Monday, August 31, 2009

Is Afghanistan War Worth Fighting?

So asks the headline of this piece from the Washington Post. A short blurb by five "experts" comprise the piece. Guess how they break out? Three to two for the war. Does this surprise you? (Not in the Post should it surprise you.) Not me. Nor do the arguments for continuing the terrible thing: US vital national security interests there, necessity to stabalize nuclear Pakistan, fight Al-Qaeda, preventing regional meltdown, prevent country from being sanctuary for terrorists again. Blah, blah. Change "Pakistan" to some other country; change Al-Qaeda to US enemy de jour, and you have the rationale for any war anywhere.

So what else is new? No matter what the country, if our national leadership determines that the country has "vital national interests" at stake, you can forget about withdrawal of US troops. And I put the question to you: can you imagine a country on the face of the globe that some president cannot construe as vital to US national interests? And can you imagine a Pentagon that would say, "No, Mr. President, we don't agree. We don't want to deploy out troops and expensive toys there." Are you kidding me?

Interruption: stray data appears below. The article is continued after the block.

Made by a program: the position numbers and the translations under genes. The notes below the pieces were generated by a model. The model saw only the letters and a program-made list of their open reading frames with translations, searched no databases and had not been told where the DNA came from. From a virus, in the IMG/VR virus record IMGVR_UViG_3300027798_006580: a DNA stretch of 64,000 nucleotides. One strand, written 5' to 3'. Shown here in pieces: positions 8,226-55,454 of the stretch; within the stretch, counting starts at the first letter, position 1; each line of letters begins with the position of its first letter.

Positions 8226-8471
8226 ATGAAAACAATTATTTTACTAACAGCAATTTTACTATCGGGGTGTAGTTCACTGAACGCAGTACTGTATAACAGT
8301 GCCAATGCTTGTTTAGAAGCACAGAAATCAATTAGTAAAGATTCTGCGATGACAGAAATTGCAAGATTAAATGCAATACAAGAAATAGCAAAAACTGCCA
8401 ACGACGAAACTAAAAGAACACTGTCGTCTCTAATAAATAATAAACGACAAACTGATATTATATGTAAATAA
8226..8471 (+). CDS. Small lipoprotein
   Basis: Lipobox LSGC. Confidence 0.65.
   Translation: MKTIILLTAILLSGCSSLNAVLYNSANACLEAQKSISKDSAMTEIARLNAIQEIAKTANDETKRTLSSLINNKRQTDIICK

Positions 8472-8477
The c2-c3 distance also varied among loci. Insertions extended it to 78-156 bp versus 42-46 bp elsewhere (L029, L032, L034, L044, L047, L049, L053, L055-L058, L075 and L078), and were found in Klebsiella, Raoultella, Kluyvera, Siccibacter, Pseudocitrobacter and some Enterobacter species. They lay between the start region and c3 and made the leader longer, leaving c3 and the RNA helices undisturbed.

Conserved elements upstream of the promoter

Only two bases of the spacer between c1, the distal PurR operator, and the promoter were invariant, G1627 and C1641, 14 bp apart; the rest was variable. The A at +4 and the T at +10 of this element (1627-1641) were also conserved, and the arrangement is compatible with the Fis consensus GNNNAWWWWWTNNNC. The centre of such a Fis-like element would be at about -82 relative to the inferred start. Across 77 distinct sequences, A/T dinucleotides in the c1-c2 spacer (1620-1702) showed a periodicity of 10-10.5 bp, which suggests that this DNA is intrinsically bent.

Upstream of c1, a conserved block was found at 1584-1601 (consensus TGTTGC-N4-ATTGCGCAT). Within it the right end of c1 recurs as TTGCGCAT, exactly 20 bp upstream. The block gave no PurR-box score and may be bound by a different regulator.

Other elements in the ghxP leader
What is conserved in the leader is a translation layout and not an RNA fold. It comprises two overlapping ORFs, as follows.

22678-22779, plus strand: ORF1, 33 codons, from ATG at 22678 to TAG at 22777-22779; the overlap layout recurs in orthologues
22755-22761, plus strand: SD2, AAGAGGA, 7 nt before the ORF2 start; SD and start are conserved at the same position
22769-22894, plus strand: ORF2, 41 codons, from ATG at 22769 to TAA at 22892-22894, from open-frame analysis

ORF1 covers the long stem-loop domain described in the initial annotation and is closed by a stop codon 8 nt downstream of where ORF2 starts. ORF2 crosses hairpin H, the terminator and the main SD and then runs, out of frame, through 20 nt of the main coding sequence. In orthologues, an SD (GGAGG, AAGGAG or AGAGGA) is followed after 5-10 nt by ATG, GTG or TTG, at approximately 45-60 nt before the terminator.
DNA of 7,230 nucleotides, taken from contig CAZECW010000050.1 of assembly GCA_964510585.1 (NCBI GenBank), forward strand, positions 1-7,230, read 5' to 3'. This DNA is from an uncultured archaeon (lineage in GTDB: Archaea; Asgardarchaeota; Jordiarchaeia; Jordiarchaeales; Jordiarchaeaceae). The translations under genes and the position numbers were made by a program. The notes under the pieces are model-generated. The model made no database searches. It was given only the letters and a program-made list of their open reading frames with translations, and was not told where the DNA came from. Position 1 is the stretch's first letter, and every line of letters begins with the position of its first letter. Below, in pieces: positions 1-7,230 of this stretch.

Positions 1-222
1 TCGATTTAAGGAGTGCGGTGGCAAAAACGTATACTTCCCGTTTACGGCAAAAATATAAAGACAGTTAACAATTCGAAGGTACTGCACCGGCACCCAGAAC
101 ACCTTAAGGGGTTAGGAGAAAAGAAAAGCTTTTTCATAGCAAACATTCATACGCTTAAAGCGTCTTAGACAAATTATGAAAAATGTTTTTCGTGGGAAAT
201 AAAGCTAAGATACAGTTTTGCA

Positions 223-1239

Here's another big surprise. The new US commander in Afghanistan, General Stanley McChrystal, says victory is achievable. "The situation in Afghanistan is serious, but success is achievable and demands a revised implementation strategy, commitment and resolve, and increased unity of effort," McChrystal said. Now, where have we heard this before? It's evident to everybody that he's gonna ask for more troops. Nobody doubts that. August was the worst month ever for US troop deaths in Afghanistan, 47. So to solve the problem let's feed more sausage meat into the grinder.

The stone cold fact about this horrible little war that's about to become a horrible bigger war is that we don't have a chance of winning it, I don't care what some damn general says, and we don't have a discernible national interest in that god-forsaken place. All we have there is another excuse for a president to prove his manhood, that he's not soft on national security, that he has the requisite set of balls for foreign policy, and for Wall Street and the accursed defense industry to turn more filthy profit.
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